I chose to join the UM-Dearborn Ph.D. program due to its proximity and collaboration with industry, the committed and dedicated faculty, and its focus on applied research. Whether you are aiming to become a tenure-track faculty or a technical leader in industry, University of Michigan-Dearborn doctoral programs are designed to help you succeed. My experience throughout the program was fun, engaging, insightful and full of learning. I can truly say that my Ph.D. at UM-Dearborn opened my career path and enabled me to succeed professionally.
Nevrus Kaja earned his Ph.D. in Electrical and Computer Engineering in 2019. He currently holds the position of Manager and Technical Lead at Ford Motor Company focused on Artificial Intelligence & Machine Learning.
When I graduated with my Bachelor's degree in Electrical Engineering in 2001, I had an opportunity to pursue a Ph.D. but I declined it to pursue a career in the automotive industry.
At the time I was eager to start earning an income and building my life. Roughly,12 years later, I found myself in need of a new challenge. Fascinated by advances in artificial intelligence and cybersecurity, I decided to enroll in the UM-Dearborn Ph.D. program. My first course in machine learning with Dr. Murphey sparked in me that same excitement of my early Bachelor's degree. I instantly realized then that this is where I belonged. Having spent several years in the industry gave me a new perspective on the academic material, as I could now clearly link it to real-world problems that I was facing at work. One of those problems was Cybersecurity and automotive applications. So, I took a class in computer network security with Dr. Di Ma and I knew then, that had to be my field of research. My research work exposed me to various areas in cybersecurity and allowed me to evolve both as an Engineer and a Scientist. The highlight of my time at UM-Dearborn was in meeting the many talented professors and students who were eager to help and collaborate. Being able to imagine solutions to theoretical problems and then putting those ideas to test was both challenging and satisfying. Since my graduation, I have changed positions within my company to the role of Cyber Security Architect, which allows me to work on future architectures of automotive computer chips.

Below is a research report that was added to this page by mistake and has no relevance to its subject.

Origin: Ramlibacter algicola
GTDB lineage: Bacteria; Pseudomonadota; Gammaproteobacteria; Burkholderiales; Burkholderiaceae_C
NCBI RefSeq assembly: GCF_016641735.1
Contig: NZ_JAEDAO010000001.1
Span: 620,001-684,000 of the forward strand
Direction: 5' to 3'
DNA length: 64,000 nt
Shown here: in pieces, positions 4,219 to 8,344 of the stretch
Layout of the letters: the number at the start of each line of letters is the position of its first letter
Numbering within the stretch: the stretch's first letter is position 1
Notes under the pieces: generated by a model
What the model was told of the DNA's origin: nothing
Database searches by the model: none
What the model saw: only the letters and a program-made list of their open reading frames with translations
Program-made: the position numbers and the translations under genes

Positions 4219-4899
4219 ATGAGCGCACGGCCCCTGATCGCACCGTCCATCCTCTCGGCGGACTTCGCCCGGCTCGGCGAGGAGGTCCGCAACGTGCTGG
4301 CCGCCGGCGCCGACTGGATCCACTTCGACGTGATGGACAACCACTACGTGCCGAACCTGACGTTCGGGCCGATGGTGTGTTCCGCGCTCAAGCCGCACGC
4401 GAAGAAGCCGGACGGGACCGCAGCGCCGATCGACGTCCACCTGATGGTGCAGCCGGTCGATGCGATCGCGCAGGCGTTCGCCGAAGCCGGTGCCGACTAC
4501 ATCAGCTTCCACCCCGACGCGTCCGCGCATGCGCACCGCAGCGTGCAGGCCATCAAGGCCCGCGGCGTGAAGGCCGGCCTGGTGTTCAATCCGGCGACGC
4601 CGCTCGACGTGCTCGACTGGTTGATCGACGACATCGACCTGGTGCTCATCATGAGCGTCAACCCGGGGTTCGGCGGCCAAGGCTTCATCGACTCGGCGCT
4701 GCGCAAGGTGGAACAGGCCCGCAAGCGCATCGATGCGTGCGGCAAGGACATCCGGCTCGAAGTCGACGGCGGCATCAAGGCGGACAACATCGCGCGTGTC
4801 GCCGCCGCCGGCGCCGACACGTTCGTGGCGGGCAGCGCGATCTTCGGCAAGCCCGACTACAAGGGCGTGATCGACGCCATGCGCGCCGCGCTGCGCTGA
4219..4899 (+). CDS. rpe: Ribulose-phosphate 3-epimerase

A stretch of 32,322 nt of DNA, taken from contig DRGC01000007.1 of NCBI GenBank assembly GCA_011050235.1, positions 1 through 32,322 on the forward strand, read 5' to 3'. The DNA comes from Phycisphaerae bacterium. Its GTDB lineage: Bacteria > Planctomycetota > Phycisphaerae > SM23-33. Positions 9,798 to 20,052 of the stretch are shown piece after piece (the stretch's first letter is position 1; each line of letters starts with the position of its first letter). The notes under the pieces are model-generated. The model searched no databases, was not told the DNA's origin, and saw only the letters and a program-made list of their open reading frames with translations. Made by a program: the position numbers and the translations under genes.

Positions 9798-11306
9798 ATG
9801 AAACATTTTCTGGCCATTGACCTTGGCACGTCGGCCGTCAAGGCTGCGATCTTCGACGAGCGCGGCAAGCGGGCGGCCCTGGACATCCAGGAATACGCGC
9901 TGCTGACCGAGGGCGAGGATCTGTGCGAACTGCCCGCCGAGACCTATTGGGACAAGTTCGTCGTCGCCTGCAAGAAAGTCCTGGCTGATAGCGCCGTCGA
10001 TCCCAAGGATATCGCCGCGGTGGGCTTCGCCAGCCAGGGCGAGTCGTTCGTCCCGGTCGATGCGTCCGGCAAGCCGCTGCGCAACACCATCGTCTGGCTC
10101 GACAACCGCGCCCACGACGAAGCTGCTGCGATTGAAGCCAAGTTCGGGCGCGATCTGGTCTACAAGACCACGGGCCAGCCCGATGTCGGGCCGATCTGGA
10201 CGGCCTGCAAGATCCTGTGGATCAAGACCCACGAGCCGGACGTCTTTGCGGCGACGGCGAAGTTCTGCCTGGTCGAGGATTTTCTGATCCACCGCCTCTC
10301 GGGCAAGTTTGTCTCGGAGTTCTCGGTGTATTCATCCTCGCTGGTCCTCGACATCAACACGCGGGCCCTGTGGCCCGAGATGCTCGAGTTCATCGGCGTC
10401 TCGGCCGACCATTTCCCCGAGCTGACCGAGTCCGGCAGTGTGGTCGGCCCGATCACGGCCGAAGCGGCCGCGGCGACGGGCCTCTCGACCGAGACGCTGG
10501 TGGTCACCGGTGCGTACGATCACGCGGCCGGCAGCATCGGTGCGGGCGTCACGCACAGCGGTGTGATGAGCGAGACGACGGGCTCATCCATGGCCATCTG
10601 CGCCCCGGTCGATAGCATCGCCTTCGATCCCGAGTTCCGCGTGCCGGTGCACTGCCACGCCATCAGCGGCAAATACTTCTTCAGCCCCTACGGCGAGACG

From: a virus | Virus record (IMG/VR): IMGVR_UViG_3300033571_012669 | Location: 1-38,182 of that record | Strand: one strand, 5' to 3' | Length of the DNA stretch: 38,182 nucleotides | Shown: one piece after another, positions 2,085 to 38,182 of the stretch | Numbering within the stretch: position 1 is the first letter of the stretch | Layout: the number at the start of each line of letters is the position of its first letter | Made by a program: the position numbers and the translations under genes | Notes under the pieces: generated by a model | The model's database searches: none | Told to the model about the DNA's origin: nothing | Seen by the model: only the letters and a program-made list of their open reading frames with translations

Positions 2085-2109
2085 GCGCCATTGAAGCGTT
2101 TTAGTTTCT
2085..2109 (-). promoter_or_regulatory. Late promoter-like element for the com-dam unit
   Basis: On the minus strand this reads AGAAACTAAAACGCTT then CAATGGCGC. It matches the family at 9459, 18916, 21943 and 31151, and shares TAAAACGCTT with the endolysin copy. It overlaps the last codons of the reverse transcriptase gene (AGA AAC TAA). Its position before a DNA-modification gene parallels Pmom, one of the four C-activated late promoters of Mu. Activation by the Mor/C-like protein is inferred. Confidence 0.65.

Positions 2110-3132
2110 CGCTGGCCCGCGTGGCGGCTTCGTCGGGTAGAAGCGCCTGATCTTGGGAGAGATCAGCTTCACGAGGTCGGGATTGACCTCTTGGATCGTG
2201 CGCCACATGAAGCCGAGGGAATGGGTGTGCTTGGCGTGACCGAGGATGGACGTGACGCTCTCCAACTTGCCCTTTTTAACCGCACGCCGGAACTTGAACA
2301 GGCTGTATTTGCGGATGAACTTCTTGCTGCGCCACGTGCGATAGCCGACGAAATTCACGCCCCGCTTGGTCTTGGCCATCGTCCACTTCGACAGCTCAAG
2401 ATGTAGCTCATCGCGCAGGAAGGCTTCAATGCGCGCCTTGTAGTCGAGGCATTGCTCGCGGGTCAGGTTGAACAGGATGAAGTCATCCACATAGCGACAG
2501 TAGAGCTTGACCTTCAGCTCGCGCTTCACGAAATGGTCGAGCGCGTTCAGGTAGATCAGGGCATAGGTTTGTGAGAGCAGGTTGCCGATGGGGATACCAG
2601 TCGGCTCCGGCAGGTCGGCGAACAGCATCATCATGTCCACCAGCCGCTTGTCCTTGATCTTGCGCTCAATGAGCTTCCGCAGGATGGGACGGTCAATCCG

Although the Ph.D. journey was tough, I am glad I was able to persevere and finish my degree. I have big plans ahead and I truly owe it to the great support network both at UM-Dearborn and at home.
I choose the UM-Dearborn Ph.D. program because of the proximity to the faculty and administration. On a small campus, the daily relationships make you feel part of the team and not a registration number. I first started as an Information Systems and Engineering Ph.D. student, but when the CIS Ph.D. program was offered, I knew that moving to it was the right thing to do. The update on the curriculum shows how much UM-Dearborn‘s professors are engaged to offer the best possible structure for their students. During my time at UM-Dearborn, I had many opportunities that wouldn’t be possible in other places. As a Ph.D. student, aside from my research training, I had my teaching skills exercised since my first semester, starting from a grader until leading a full course independently. Another valuable experience was the interaction with prospective faculty members that the department was planning to hire. We, as Ph.D. students, were always invited to chat with them and attend to their research seminars. At the moment, I am working as a post-doctorate researcher at the Bergische Universität Wuppertal in Germany, which is a direct result of an internship I did at the National Institute of Informatics in Japan while studying at UM-Dearborn.